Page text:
Look back | local history

Looking back

The North

10 years ago

August 10, 2012: Massena officials have expressed deep concern that forcing Alcoa Corporation to pay up to $1 billion to clean up the Grasse River for past pollution there could result in Massena becoming a city phantom. Fears that Alcoa would close the two Massena plants prompted Sen. Charles E. Schumer to urge the Environmental Protection Agency to expedite the proposed cleanup. The St. Regis Mohawk Tribal Government, located downstream in Hogansburg, has called for the river to be cleaned enough to eat fish from it again, which is currently limited to one per month per person due to sediment contaminants.

25 years ago

August 10, 1997: Rosella V. Curtis, 86, a resident of the town of Russell, was frightened when she recently received a letter from the Social Security Administration. Federal welfare reform in 1996 required proof of citizenship to retain SSI benefits as a disabled diabetic living most of his life in St. Lawrence County on a farm with no telephone or electricity. She was born in Canada under British rule and came to America in 1914 with her mother. Despite a number of instances where Ms Curtis could have been declared a US citizen, no paperwork was ever filed. A deal was struck that kept his benefits intact despite his twisted life story, infuriating his family every step of the way.

50 years ago

August 10, 1972: The maple wilt that ravaged 10,000 maple trees in Syracuse has so far not affected Watertown, and there are no signs of it affecting trees here. Wilt is a fungus that lives in the soil and affects the root system of the tree. Symptoms are brown-edged leaves about half their normal size. Maple disease can be controlled by keeping the tree well watered, protecting it from extreme heat and, if necessary, fumigating the soil, according to the Syracuse University School of Forestry.

75 years ago

August 9, 1947: Construction begins on Sears Roebuck & Company’s $1,000,000 shopping center on land bounded by Arsenal, North Massey and Coffeen streets. The work, including the reinforced concrete walls of the building, will be carried out by A. Friederick & Sons of Rochester. The shopping center project will include a modern retail store, a gas station and two parking lots that can accommodate a total of 208 automobiles. The project will last almost a year.

100 years ago

August 10, 1922: Alexandria Bay bartenders at Crossmon, Thousand Island House and Rathskeller are arrested by liquor police officers posing as Buffalo polo players for violating the Volstead Act for the alleged sale of intoxicating alcohols. William H. Warburton, the owner of the Crossmon House and the Thousand Island House is wanted for maintaining a nuisance. Soda fountains dispensing alcoholic beverages in establishments concealed illicit sales in paper cups such as those used for soda water concessions. Officers said “good booze” was sold at all three locations.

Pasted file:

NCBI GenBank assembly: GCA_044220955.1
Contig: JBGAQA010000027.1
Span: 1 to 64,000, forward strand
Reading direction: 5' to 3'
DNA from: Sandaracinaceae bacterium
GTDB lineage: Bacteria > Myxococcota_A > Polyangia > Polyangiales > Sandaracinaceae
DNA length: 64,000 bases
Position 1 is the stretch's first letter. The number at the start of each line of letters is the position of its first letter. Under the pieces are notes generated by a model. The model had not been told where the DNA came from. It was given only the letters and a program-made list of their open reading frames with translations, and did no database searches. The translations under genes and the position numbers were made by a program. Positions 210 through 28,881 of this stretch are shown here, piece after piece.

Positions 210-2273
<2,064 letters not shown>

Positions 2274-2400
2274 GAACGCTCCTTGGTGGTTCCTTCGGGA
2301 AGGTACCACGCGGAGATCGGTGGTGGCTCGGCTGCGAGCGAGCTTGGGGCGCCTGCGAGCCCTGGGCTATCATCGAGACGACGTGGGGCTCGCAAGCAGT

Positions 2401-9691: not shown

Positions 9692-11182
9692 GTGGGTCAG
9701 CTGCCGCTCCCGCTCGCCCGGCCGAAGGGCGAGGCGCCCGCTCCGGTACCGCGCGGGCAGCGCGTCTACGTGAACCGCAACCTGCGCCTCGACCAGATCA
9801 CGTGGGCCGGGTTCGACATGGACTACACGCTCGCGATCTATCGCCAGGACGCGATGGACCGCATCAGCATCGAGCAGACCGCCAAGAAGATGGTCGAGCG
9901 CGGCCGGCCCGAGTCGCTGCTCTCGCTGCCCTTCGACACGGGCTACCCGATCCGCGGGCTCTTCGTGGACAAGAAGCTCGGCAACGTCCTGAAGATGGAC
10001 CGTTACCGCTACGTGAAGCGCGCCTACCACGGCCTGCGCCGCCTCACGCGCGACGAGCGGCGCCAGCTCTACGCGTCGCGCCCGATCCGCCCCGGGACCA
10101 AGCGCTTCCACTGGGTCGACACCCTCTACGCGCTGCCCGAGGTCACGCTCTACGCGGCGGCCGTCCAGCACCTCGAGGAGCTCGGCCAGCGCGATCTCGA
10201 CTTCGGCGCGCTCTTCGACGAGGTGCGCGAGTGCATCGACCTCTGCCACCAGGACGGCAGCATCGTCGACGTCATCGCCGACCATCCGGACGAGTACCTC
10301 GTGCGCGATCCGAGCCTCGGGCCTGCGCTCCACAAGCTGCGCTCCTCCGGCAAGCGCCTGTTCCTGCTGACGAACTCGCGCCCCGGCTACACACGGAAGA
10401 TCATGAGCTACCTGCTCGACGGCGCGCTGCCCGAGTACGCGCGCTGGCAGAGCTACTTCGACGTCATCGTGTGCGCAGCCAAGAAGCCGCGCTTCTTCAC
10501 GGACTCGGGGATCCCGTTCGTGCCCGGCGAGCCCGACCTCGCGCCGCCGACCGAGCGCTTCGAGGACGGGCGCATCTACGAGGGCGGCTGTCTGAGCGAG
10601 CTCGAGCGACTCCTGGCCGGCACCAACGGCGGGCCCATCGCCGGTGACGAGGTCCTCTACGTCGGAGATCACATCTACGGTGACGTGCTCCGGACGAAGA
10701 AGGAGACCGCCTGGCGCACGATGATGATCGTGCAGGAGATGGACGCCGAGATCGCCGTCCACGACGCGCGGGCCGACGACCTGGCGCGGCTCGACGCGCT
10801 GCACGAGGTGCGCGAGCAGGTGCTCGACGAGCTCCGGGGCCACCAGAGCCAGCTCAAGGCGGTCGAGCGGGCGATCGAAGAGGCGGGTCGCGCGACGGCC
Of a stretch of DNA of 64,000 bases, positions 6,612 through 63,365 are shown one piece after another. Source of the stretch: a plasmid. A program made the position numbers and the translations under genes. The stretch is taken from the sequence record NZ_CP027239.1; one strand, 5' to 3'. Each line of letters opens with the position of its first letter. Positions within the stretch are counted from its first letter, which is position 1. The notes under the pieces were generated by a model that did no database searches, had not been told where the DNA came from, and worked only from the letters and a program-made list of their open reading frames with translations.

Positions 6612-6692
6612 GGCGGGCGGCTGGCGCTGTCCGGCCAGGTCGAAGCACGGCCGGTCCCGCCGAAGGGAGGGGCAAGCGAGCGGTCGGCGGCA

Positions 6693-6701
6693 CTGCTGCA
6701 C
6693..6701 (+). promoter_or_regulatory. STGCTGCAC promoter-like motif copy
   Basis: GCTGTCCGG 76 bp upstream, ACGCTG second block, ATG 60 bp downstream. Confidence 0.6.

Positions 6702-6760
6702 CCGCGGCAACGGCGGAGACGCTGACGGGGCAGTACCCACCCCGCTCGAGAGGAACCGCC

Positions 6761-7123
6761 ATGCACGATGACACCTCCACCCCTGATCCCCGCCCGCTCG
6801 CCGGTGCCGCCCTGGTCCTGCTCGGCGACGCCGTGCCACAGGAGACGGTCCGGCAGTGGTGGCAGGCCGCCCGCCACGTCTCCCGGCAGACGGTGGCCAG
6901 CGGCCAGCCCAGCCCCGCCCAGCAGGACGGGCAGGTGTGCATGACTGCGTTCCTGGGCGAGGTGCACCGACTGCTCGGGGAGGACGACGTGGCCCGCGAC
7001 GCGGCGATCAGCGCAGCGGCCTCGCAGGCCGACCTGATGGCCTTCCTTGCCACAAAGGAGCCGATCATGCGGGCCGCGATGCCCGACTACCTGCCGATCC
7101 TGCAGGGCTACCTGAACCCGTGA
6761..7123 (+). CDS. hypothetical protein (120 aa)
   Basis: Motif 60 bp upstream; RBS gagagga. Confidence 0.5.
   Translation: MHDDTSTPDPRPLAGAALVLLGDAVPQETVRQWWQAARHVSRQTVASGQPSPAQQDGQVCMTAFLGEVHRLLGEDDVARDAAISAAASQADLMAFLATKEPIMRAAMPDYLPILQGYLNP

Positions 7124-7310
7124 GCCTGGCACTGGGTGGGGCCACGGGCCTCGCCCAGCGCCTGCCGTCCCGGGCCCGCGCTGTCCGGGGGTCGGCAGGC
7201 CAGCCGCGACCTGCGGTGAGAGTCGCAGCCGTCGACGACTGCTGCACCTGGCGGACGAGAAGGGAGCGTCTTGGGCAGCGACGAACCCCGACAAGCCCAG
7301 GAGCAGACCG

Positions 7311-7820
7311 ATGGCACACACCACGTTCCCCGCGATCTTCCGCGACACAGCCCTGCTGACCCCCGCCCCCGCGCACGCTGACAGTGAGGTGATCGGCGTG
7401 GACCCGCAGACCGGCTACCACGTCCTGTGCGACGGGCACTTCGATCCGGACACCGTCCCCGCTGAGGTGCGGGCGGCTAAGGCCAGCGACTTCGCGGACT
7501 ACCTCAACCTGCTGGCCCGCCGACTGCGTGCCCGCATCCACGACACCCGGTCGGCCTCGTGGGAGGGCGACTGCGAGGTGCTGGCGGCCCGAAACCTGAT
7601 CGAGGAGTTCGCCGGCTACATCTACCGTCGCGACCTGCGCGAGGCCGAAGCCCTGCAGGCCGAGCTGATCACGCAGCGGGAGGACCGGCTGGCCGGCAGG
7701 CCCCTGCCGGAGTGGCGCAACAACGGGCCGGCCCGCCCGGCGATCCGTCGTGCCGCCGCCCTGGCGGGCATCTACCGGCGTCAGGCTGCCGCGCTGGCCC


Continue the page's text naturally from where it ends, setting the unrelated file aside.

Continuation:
125 years ago

August 10, 1897: Tickets for the ball game between Watertown and Watertown Heights at Athletic Park on Thursday to benefit Watertown’s ailing first baseman John Whalen sell well, as they should. The Watertowns are veterans, but the “kids” have been “playing ball” all summer and they’re looking for glory.

150 years ago

August 10, 1872: It is now authoritatively acknowledged that Mr. Charles Kiefer, at Race Brothers, is the finest dress cutter that ever was in the city, and we would also declare that their new stock of spring produce which comes of arrived, comes alive at 14 Court Street.

The world

1519: Ferdinand Magellan’s five ships leave Seville to circumnavigate the world. Basque second-in-command Juan Sebastián Elcano would complete the expedition after Magellan’s death in the Philippines.

1675: The foundation stone of the Royal Greenwich Observatory in London is laid.

1776: The declaration of independence of the United States arrives in London.

1793: The Louvre Museum is officially inaugurated in Paris, France.

1846: The Smithsonian Institution is chartered by the United States Congress after James Smithson donates $500,000.

1897: German chemist Felix Hoffmann discovers an improved method of synthesizing acetylsalicylic acid (aspirin).

1948: Candid Camera makes its television debut after spending a year on radio as Candid Microphone.

1954: In Masséna, the first sod of the St. Lawrence Seaway takes place.

1977: In Yonkers, 24-year-old postal worker David Berkowitz (“Son of Sam”) is arrested for a series of murders in the New York area over a year-long period.

1990: The Magellan space probe reaches Venus.

2020: Derecho, Iowa becomes the costliest thunderstorm disaster in US history.

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